The top Democrat on the House Ways and Means Committee, which has jurisdiction over taxation, called on acting IRS commissioner Steven Miller and senior IRS official Lois Lerner to resign in the wake of a report from the Treasury Inspector General for Tax Administration that revealed the IRS singled out conservative nonprofit groups for excessive scrutiny during the 2012 election.
The president "said there has to be total accountability, and there has to be," said Rep. Sander Levin, D-Mich, Wednesday on MSNBC. "My own judgment is, just based on the report from the inspector general, I think there's reason to believe that Mr. Miller should be released of his responsibilities as well as Ms. Lerner. There was such total mismanagement."
Miller was a deputy IRS commissioner when the decision was made by a Cincinnati field office to target conservative groups for extensive, often-burdensome review of their applications for tax-exempt status. He was briefed on the practice several months after it began and declined to inform Congress during subsequent testimony.
Lerner was in charge of the division that oversees tax-exempt organizations, a position she holds to this day. She, too, was briefed on the practice prior to reassuring lawmakers in a letter that the IRS actions with respect to conservative groups were "in the ordinary course of the application process" for tax-exempt status.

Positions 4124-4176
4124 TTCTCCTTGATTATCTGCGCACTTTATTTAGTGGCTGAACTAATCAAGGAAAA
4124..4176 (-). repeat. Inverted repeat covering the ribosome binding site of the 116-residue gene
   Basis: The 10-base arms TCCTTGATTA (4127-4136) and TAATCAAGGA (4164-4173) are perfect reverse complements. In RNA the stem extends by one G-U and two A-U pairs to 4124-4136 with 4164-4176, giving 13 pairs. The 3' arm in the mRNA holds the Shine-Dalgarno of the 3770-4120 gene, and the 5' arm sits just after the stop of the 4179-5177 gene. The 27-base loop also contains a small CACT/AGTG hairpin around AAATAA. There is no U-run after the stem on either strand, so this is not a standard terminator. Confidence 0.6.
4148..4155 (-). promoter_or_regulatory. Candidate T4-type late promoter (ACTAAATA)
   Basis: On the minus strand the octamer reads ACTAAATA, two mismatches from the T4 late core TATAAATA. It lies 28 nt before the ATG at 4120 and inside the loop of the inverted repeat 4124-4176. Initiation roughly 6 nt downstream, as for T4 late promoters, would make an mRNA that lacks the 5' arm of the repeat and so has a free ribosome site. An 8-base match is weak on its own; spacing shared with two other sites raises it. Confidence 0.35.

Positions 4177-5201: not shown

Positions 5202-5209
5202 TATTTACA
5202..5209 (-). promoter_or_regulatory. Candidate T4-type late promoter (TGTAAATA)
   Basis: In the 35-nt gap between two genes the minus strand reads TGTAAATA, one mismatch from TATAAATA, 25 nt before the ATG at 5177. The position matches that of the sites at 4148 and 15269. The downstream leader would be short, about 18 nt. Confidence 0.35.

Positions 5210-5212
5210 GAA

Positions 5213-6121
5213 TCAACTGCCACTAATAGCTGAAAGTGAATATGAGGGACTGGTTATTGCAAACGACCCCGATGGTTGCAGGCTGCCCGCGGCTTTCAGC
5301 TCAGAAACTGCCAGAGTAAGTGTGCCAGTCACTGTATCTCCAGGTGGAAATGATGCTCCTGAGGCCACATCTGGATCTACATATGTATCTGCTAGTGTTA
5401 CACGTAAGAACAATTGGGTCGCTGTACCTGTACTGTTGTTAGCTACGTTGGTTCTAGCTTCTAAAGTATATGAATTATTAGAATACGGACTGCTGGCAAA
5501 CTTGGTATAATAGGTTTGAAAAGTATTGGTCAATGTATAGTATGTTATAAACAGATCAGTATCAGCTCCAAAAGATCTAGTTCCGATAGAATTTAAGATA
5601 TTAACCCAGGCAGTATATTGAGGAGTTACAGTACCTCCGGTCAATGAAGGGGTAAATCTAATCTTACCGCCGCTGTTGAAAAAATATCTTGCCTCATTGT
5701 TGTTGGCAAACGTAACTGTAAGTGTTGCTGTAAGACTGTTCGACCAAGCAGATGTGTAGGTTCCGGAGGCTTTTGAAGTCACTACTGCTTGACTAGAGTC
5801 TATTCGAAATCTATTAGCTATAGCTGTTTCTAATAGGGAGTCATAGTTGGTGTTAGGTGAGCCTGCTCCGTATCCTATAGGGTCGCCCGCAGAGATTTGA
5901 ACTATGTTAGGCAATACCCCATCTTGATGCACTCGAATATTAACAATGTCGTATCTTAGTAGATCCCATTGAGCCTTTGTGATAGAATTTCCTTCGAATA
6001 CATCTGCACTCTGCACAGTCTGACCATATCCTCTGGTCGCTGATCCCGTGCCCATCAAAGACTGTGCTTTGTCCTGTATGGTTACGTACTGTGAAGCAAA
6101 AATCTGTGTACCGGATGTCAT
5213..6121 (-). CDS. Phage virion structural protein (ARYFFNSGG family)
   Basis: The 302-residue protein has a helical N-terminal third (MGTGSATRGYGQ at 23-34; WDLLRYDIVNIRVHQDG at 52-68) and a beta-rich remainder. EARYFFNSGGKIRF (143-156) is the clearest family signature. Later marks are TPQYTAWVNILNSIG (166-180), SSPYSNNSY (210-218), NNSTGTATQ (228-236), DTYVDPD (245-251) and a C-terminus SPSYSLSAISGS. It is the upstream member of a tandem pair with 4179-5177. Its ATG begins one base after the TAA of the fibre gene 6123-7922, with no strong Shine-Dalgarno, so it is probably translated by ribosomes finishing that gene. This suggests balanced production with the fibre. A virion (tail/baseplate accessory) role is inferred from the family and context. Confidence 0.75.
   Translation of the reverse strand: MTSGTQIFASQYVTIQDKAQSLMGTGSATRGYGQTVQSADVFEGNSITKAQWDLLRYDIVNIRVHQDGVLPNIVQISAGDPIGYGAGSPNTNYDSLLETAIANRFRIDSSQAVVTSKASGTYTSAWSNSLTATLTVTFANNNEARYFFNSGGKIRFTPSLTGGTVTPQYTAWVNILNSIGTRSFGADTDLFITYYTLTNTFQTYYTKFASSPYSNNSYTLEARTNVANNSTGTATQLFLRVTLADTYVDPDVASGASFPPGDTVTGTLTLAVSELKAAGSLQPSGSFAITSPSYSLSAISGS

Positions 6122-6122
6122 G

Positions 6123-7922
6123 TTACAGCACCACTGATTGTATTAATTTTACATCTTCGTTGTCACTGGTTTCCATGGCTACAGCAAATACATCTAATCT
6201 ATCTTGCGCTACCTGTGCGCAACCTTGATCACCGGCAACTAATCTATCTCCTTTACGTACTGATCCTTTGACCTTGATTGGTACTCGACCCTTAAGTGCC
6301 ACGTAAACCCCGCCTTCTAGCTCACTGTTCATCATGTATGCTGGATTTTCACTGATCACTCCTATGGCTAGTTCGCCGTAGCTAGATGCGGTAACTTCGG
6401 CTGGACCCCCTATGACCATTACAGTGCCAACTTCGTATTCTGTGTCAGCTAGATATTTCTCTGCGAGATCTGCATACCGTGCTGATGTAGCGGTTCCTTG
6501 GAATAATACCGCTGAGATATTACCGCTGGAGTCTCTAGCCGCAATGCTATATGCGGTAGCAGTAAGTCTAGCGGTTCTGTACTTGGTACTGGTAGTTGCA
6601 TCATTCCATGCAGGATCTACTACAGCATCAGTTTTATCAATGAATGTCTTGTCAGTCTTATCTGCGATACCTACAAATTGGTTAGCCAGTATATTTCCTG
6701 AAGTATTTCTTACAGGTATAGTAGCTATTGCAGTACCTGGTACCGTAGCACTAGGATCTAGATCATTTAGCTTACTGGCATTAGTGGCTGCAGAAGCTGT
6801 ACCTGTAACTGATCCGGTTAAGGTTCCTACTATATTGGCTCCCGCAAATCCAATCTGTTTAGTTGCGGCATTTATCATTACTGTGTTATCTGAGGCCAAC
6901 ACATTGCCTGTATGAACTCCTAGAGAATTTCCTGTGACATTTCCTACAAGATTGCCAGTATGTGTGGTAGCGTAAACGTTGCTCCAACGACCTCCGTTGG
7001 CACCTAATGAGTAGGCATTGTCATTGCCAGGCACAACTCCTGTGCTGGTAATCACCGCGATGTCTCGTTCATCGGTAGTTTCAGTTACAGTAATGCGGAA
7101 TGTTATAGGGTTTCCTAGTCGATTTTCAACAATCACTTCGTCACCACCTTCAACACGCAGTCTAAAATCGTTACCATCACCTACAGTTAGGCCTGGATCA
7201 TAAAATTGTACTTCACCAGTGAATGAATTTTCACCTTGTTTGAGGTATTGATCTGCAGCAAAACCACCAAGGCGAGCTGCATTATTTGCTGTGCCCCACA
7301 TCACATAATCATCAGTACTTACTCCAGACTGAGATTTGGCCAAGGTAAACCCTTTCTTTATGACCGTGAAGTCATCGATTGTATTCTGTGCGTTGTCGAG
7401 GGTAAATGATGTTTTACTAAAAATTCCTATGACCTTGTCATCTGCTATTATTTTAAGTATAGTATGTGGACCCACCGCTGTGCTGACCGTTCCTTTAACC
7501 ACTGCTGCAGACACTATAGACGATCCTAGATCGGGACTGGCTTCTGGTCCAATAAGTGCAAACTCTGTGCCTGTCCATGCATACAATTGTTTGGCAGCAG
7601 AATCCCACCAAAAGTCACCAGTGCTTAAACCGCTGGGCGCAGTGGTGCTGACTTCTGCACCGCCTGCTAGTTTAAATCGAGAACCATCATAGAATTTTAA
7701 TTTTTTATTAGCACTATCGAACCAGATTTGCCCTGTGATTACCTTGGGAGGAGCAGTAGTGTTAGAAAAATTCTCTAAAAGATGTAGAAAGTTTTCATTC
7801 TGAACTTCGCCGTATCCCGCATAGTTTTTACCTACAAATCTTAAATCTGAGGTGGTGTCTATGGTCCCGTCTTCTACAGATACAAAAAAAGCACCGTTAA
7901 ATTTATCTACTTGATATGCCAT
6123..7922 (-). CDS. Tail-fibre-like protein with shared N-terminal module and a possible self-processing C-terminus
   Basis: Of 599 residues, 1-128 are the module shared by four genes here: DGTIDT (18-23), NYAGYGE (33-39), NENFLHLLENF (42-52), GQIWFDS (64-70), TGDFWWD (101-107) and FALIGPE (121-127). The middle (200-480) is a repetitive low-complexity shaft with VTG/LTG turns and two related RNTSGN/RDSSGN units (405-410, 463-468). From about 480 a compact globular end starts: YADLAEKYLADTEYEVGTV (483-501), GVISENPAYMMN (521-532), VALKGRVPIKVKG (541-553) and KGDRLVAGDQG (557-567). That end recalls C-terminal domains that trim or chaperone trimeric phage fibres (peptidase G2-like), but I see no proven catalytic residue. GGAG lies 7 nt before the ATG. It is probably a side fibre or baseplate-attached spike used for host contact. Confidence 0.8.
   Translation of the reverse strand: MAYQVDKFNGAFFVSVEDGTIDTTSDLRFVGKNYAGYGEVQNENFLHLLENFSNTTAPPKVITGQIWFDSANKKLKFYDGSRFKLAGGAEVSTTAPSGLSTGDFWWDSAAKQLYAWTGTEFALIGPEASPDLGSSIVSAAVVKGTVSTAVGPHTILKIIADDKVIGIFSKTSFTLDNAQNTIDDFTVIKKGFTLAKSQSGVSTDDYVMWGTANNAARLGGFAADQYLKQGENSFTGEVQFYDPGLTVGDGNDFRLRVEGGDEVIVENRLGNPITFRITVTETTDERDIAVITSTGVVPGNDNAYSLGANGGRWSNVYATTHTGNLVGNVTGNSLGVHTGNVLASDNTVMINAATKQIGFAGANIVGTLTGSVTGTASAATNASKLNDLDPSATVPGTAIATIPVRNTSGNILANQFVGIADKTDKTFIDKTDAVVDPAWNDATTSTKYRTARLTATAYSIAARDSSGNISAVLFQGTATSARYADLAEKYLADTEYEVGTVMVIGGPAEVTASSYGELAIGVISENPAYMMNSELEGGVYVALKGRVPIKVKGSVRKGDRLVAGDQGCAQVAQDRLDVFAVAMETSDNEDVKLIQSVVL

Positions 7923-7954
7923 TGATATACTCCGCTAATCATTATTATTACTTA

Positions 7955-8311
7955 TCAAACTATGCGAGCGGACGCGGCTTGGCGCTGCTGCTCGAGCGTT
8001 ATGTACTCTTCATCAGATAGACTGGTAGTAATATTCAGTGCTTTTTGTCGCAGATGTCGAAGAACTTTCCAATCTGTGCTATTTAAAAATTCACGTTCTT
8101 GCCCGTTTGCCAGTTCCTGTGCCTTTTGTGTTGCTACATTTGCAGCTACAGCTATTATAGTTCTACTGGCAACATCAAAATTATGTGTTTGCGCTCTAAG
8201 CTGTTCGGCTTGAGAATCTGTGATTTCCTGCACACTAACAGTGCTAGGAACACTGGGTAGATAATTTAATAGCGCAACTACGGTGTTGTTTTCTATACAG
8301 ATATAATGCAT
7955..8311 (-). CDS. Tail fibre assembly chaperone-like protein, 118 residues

Although several top Republicans have called for resignations at the IRS - House Speaker John Boehner, R-Ohio, even said on Wednesday that jail time, not just resignations, would be in order - Levin became the first high-profile Democrat to join the chorus. White House press secretary Jay Carney would not detail on Wednesday what kind of censure would be appropriate, saying "I'm not going to get into personnel" and reiterating that President Obama expects those responsible to be held accountable.
As Congress continues its crusade to find out exactly what happened - who knew what, when - with the IRS scandal, several upcoming hearings will provide lawmakers an opportunity to hear directly from decision-makers involved in the controversy.
Next Tuesday, the Senate Finance Committee has a scheduled hearing on the matter, with no witnesses yet announced. And the next day, the House Oversight and Government Reform Committee will hear from Lerner, Deputy Treasury Secretary Neil Wolin, Treasury Inspector General for Tax Administration J. Russell George, and Douglas Shulman, who was the IRS commissioner when the practices under investigation were initiated.